MLB and Alex Rodriguez suspension case grows deeper
Embattled baseball player Alex Rodriguez now seeks his lawsuit against Major League Baseball and its commissioner Bud Selig be sent back to state court. For its part, MLB would move to dismiss the case
One day following the initial conference conducted in Manhattan's US District Court, the opposing sides filed their respective position papers Friday explaining the reasons for their intended motions.
According to MLB, the case should be heard in federal court because the law governing the matter, the Labor Management Relations Act requires the case to be heard in that jurisdiction. Lawyers for Alex Rodriguez claims that this is inconsistent with the previous actions conducted by MLB repeatedly, as it went before Florida state court in the case it had filed against Biogenesis of America. The lawyers for Rodriguez accuses MLB of taking 'a 180 degree turn'.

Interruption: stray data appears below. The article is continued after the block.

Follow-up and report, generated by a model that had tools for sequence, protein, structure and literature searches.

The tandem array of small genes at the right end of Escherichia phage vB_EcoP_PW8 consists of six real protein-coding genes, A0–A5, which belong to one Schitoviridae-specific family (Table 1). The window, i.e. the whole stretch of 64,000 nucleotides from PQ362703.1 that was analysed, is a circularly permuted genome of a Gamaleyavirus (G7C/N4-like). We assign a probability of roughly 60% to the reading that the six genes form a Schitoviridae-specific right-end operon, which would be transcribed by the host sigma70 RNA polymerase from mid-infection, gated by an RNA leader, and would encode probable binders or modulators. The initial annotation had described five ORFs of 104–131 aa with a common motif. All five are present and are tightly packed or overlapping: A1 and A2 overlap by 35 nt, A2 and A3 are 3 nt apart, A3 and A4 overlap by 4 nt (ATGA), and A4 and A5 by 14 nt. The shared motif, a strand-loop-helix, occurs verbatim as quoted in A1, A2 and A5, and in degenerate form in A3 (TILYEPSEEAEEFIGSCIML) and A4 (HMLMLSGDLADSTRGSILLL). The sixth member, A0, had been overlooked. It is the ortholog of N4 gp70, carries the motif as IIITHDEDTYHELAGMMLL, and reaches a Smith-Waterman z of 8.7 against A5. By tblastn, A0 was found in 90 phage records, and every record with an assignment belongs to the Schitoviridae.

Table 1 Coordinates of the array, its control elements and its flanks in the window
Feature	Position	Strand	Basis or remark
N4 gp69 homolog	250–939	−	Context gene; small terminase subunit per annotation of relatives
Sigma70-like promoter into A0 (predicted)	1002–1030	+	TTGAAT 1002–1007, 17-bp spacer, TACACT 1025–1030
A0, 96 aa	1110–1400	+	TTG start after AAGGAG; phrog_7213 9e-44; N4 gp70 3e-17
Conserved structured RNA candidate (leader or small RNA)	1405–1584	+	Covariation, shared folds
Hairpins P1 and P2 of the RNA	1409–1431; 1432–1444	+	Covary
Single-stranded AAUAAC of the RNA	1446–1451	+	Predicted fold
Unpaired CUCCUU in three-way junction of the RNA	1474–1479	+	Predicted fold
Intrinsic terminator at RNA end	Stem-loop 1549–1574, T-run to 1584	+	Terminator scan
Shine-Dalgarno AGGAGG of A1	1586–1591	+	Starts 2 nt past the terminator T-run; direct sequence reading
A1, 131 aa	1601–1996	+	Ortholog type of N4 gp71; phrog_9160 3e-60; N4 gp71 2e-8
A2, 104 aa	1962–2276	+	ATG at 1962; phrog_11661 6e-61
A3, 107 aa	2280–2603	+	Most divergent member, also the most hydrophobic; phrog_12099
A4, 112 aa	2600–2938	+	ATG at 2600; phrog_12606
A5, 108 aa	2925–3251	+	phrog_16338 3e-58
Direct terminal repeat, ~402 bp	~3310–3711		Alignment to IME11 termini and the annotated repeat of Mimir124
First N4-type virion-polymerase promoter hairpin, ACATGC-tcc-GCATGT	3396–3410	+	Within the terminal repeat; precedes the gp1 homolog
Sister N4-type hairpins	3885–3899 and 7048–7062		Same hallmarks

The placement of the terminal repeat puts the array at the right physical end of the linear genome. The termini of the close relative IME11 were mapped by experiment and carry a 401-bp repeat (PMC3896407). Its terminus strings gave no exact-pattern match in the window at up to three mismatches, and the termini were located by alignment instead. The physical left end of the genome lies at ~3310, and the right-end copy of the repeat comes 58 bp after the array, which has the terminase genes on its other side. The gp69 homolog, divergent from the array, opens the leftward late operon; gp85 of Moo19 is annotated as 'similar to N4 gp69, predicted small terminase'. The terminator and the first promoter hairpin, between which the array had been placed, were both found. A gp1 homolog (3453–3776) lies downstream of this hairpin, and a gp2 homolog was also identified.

Rodriguez, New York Yankees third baseman, was ordered suspended for 211 games by the league last August for alleged violations of MLB's drug policy under its labor agreement. Rodriguez filed an appeal on the ban and was allowed to play until a decision was made by an arbitrator appointed for the case.
According to the lawyers of Rodriguez, "Defendants have engaged in a systematic effort to destroy Mr. Rodriguez's reputation, including continually leaking false stories to the media about Mr. Rodriguez."
Alex Rodriguez is one of Major League Baseball's highest paid players. Because of the pending case stemming from the Biogenesis scandal, his salary due for 2013, which is a monthly USD9 million would still be due him. What is at risk is the USD31.4 million salary due him for 2014 and later years salaries under the existing ten year contract he had signed with the New York Yankees. Regardless of how the case goes and how his overall health holds up, he would still be due what is owed him under contract, which may reach a total of USD54 million.
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